1. Navigate to the Atom homepage and follow the instructions for installation.

  2. Once installed, launch Atom and navigate to Packages -> Settings View -> Open and scroll to the bottom of the page. Select Editor and make sure the setting Tab Length is set to 4. Below that, make sure Tab Type is set to soft. This is important as indentation and white space is interpreted in Python.

Setting up the directory structure

For this course (and your coding in 'real life'), it will help if you follow a specific directory structure for your code and data. During this course, you will write a lot of Jupyter Notebooks and Python scripts that will load in data. For us to run your code, all data must be accessed through a data folder in the same directory as the notebook. To make this structure, open Atom and follow the instructions below.

  1. Navigate to File -> Add Project Folder and make a new folder in your home directory. On MacOS and Linux, this will be in /Users/YOUR_USERNAME/. On Windows, this will be C::/Users/YOUR_USERNAME/.

  2. Name this project bi1.

  3. Now bi1 should appear on the left-hand side of your editor. Right-click on bi1 and make a new folder called data. This is where all of our data from the class will live.

You could also make this folder structure in your standard operating system manner. Now, if everything went well, your Atom editor window should look like this on the left-hand side.

If you have followed all of these steps successfully, you should have a complete setup for scientific computing in Python!

Your first script and reading these tutorials

This tutorial (as all others in this course) are written as Jupyter notebooks which are documents which contain cells for writing text and math as well as cells that contain and excute block of Python code. These tutorials will serve as a useful reference that not only shows the code and output, but an explaination of the biological and physical principles behind it. For these tutorials, code and its output are rendered in two boxes as is shown below.

In [1]:
# This is a comment and is not read by Python
print('Hello! This is the print function. Python will print this line below')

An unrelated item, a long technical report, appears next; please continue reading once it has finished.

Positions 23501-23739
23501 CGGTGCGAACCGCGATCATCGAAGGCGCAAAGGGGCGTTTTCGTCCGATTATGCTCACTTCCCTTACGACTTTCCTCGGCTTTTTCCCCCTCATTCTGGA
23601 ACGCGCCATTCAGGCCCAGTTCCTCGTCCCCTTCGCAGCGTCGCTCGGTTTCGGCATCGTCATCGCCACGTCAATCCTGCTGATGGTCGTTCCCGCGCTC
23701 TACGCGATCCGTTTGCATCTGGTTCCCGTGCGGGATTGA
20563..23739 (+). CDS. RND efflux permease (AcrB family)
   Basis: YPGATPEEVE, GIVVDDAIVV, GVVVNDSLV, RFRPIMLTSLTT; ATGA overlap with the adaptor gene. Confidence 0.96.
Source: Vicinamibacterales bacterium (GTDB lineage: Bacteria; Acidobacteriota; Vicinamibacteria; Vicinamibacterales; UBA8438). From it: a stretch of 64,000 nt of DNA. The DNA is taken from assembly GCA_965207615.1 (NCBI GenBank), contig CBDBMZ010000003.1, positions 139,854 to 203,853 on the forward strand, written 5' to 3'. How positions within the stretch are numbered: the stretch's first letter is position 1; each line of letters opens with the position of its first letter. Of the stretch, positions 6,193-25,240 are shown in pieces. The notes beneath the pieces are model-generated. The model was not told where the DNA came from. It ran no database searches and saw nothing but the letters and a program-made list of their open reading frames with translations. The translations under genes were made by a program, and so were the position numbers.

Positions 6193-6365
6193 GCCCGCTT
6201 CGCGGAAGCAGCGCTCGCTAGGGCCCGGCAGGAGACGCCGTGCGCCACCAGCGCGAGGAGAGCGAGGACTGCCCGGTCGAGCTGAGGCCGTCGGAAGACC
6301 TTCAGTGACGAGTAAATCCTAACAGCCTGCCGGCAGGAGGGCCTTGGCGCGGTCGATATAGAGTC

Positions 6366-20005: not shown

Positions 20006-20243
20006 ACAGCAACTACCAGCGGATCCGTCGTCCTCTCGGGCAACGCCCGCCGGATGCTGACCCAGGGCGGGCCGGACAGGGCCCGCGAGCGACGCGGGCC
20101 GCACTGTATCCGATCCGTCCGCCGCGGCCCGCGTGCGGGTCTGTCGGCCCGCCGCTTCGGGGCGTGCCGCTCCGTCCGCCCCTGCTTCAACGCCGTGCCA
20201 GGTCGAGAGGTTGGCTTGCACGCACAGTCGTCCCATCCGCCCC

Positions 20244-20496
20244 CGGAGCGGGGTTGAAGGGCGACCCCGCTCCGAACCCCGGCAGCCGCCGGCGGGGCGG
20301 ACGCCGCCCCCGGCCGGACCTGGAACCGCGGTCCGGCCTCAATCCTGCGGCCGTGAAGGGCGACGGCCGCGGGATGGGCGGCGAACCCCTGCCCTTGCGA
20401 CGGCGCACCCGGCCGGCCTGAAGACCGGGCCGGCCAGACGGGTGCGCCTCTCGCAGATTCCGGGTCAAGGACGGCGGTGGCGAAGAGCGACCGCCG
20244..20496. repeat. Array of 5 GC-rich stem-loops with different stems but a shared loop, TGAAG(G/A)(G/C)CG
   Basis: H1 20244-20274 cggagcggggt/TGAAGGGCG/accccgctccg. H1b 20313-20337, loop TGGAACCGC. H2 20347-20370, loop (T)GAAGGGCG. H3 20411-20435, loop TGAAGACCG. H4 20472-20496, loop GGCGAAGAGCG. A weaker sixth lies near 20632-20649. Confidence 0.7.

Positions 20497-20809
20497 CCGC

Hello! This is the print function. Python will print this line below

The box with the gray background contains the Python code while the output is in the box with the white background. When reading these tutorials, you will retype the code lines into Atom or in the IPython interpreter directly.

If you have followed the steps above, we are finally ready to write our first Python script. In your Atom window, create a new file named my_first_script.py and save it within your bi1 root directory (not in data). You can do this by going to File -> New File then File -> Save and navigate to your bi1 folder. Now, in the my_first_script.py file, we'll generate a plot of one of my favorite functions. Type (or copy and paste) the following lines into your script file and save it.

In [ ]:
# Import Python packages necessary for this script
import numpy as np
import matplotlib.pyplot as plt
import seaborn as sns

# Generate a beautiful sinusoidal curve
x = np.linspace(0, 2*np.pi, 500)
y = np.sin(2 * np.sin(2 * np.sin(2 * x)))
plt.plot(x, y)

Once you have this file saved, open a new IPython interpreter by opening a terminal (Terminal.app on OSX or Gitbash on Windows) and typing ipython. You will now be greeted with an IPython prompt in your terminal (In[1]) along with some information about your Python version. To run the script you just saved, type the following commands:

In [1]: cd ~/bi1
In [2]: %matplotlib
In [3]: %run my_first_script.py

The first command navigates to the correct directory, assuming you make your structure as described above. The second command allows for us to keep typing while plots are being shown. The third command runs the script we just wrote through the IPython interpreter. The percentage signs (%) for In [2]: and In [3]: are called Python magic fuctions and protect you from overwriting important variables in the default Python name space. While just typing matplotlib and run my_first_script.py will work, it is better style to use these magic functions.

If everything works as expected, you should see the plot below.

In [3]:
# These commands are for showing the plot in this notebook only. These should
# NOT be in your python script.
%matplotlib inline
plt.plot(x, y)
<matplotlib.text.Text at 0x11a09bb00>

Once you generate this plot, you can close out of it by clicking the x in the upper left hand corner of the window. To exit out of the IPython interpreter, you can type the following command.

In [4]: exit()

Note that directly above the plot, there is some text that looks like <matplotlib.text.Text at 0x1109bb00>. This is an output from the Matplotlib plotting library and can be ignored in its entirety.

What is Jupyter?

Jupyter Notebooks are very useful tools for writing code, text, and math into a single document. In fact, this (and all other tutorials) were written in Jupyter noteooks. For this course, your homeworks will be written in Jupyter notebooks. A tutorial on their use can be found here.